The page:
him, We also go with thee. They went forth, and entered into a ship
immediately; and that night they caught nothing.
4 But when the morning was now come, Jesus stood on the shore: but the
disciples knew not that it was Jesus.
5 Then Jesus saith unto them, Children, have ye any meat? They answered him, No.
6 And he said unto them, Cast the net on the right side of the ship,
and ye shall find. They cast therefore, and now they were not able to
draw it for the multitude of fishes.

Imagine that – Peter, the powerful fisherman, must have tried everything in his power, must have used every trick he knew, must have called upon every bit of knowledge he had, and then nothing happened. Then the Lord comes, and tells them to do something so obvious, so unoriginal, so painfully simple as to try the other side of he boat, but they did. And it worked. Sometimes in missionary work, we need to listen to that still small voice that says something like “talk about the Book of Mormon” or “pray you’ll find an investigator”. Sometimes we just need to listen and obey and have hope.

Now, why do you think it is that the Lord works in this pattern of absolutely nothing all the night long, and then bam. Right at sunrise more than you can take? Why not spread it out across the whole night to avoid those feelings of discomfort?

Without being too harsh, I’m not convinced that God is overly concerned with us being comfortable. Quite to the contrary – sometimes, he seems to desire just the opposite! He seems pretty determined to take us out of our comfort zone, to push us, and pull us, and twist us until we have finally worked all night, and then He can send us the miracle, because a few things have now become clear:

1. We can’t possibly do it alone – we easily recognize the hand of the Lord.
2. We truly only desire success.
3. We deserve success.
4. We will be grateful for it.
5. We will take care of the people we are blessed to be helping.
6. We held to our hope that the Lord would bless us.

I think this principle applies to all aspects of life, but I think the Lord meant to make it a very specific parable of missionary work.

Luke 5:10 And so was also James, and John, the sons of Zebedee, which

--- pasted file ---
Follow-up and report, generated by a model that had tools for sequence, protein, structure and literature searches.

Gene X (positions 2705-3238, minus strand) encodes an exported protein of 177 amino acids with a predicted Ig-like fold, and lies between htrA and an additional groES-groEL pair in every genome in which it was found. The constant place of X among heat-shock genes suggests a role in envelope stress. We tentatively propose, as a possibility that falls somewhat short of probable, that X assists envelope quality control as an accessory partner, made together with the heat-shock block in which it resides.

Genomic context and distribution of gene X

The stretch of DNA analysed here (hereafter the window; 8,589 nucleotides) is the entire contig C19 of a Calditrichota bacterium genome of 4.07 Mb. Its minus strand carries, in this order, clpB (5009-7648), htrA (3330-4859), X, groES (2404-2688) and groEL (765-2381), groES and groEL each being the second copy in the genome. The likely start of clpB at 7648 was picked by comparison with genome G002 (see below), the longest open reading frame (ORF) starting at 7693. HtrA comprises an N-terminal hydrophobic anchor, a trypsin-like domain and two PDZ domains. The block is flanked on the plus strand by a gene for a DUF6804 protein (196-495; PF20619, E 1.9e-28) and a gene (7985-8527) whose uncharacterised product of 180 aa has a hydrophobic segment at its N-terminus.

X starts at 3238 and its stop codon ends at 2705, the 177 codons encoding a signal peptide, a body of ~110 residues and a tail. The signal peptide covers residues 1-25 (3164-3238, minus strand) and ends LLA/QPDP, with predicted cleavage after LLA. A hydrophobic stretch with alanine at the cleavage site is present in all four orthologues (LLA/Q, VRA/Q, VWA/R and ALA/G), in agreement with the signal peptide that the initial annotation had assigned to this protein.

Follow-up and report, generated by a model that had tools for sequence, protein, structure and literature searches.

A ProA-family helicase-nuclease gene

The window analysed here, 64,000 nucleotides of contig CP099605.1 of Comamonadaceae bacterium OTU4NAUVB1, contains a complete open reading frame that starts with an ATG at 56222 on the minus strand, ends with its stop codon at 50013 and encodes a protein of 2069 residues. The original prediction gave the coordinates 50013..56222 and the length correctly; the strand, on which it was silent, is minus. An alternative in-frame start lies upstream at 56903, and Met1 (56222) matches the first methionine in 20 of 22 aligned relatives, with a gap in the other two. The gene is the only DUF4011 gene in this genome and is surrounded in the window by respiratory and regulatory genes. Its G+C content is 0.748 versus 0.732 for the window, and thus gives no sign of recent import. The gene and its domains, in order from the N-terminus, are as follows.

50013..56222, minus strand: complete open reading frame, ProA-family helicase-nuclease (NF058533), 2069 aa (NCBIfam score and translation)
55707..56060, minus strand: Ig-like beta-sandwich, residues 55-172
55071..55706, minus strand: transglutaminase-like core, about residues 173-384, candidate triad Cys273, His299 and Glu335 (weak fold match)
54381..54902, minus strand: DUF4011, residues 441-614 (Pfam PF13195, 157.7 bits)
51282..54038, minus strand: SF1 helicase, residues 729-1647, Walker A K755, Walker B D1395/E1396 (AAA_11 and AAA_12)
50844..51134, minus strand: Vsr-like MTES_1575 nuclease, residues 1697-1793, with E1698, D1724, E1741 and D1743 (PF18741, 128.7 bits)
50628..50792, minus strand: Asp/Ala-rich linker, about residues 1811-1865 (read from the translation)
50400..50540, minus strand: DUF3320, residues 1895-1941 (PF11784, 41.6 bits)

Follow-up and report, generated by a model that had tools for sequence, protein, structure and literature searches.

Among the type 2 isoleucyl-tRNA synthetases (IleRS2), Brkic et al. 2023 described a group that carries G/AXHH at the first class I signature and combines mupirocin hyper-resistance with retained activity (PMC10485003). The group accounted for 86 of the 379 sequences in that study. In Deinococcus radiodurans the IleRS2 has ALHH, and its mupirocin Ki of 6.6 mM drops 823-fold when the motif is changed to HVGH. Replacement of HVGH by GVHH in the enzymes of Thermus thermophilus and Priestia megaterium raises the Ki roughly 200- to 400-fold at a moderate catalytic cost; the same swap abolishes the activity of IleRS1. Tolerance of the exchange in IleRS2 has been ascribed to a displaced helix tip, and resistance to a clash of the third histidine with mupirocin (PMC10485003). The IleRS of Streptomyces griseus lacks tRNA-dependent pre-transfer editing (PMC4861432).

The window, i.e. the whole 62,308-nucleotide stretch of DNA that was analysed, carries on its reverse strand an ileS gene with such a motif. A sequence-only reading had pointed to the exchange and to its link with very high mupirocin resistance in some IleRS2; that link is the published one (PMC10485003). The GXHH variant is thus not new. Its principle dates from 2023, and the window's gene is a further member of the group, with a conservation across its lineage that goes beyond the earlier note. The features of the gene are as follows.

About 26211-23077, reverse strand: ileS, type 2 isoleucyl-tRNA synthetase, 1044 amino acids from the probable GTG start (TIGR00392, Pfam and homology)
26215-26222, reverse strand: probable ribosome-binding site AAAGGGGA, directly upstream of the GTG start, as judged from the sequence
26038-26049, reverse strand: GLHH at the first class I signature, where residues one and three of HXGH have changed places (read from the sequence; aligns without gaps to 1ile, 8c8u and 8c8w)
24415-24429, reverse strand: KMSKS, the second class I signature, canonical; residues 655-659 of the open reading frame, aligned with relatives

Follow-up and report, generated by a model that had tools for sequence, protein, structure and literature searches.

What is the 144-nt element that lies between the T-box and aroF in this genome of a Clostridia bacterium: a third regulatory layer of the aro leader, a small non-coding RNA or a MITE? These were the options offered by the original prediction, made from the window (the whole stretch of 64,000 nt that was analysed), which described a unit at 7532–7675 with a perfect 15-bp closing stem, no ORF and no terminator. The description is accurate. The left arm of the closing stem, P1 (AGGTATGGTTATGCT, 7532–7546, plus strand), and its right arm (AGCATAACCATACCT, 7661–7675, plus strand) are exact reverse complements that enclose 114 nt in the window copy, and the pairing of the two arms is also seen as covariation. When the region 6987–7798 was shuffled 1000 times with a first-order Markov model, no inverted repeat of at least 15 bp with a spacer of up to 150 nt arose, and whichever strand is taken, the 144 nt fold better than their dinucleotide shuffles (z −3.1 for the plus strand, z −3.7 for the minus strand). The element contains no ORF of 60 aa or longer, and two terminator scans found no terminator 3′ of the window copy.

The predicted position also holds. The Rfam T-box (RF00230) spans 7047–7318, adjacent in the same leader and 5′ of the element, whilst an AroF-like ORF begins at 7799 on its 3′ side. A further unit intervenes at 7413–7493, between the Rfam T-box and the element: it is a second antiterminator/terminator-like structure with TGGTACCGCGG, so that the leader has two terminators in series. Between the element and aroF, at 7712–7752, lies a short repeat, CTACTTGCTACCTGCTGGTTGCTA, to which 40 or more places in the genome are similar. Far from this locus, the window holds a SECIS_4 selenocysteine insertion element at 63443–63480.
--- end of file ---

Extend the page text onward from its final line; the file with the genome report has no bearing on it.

were partners with Simon. And Jesus said unto Simon, Fear not; from
henceforth thou shalt catch men.

John 21: Feed my sheep.

In other words, the Lord tends to kind of ignore any patterns we try to impose. We think of gradual increase, of slow gains, of progressing continually. We try to predict what will happen in the future based on what has happened in the past, but when it comes to being on the Lord’s errand, it just doesn’t work like that. That only works when we are relying on humans. But this work is more than just us. The Lord is with us, and we can never forget that.

Like 19th century English reformer John Ruskin once said (found in general conference talk 😉

“I believe the test of a great man is humility. I do not mean by humility the doubt in one’s own personal power; but really, truly great men have the curious feeling that greatness is not in them but through them and they see the divine in every other human soul and are endlessly, foolishly, incredibly merciful.”

If you are given a tough challenge, if you have been working for a while but nothing seems to be working, if, in missionary terms, you are sent to an area where nothing good has ever happened, if you have sweat and prayed and fasted and tried new things, and it’s still the same, the Lord is not just working somewhere else right now.

He is with you, watching, buoying you up, keeping you going, until you have proven that you are a constant he can count on, then, all at once, we can pull up our nets and be blessed beyond imagination.

After all, as PGA golfer Arnold Palmer once said (also found in a GC talk, please, I don’t watch golf),

“Winning isn’t everything, but wanting to is.”

I love that quote.

I can’t tell you, nor myself, how long that night might drag on, (and depending on the challenge, it might be until the next life) or how choppily the sea might jostle your boat, or how heavy your arms will get throwing the net over and over in the water, but through that night of darkness, know that God is always, always there. You will have too much success to handle, if you continue on in hope. Know that the sunrise always, always comes.

Phew. Sermon over.

Love you guys.

Elder Greaves

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This week was another weird one.

Hey guys!

Friday, the Zone Leaders, Elder Allen and I went to Flensburg for their baptism. It was so awesome. M. is just a great guy. He’s one of those converts that make you inspired to keep working, because you want to find someone just like him.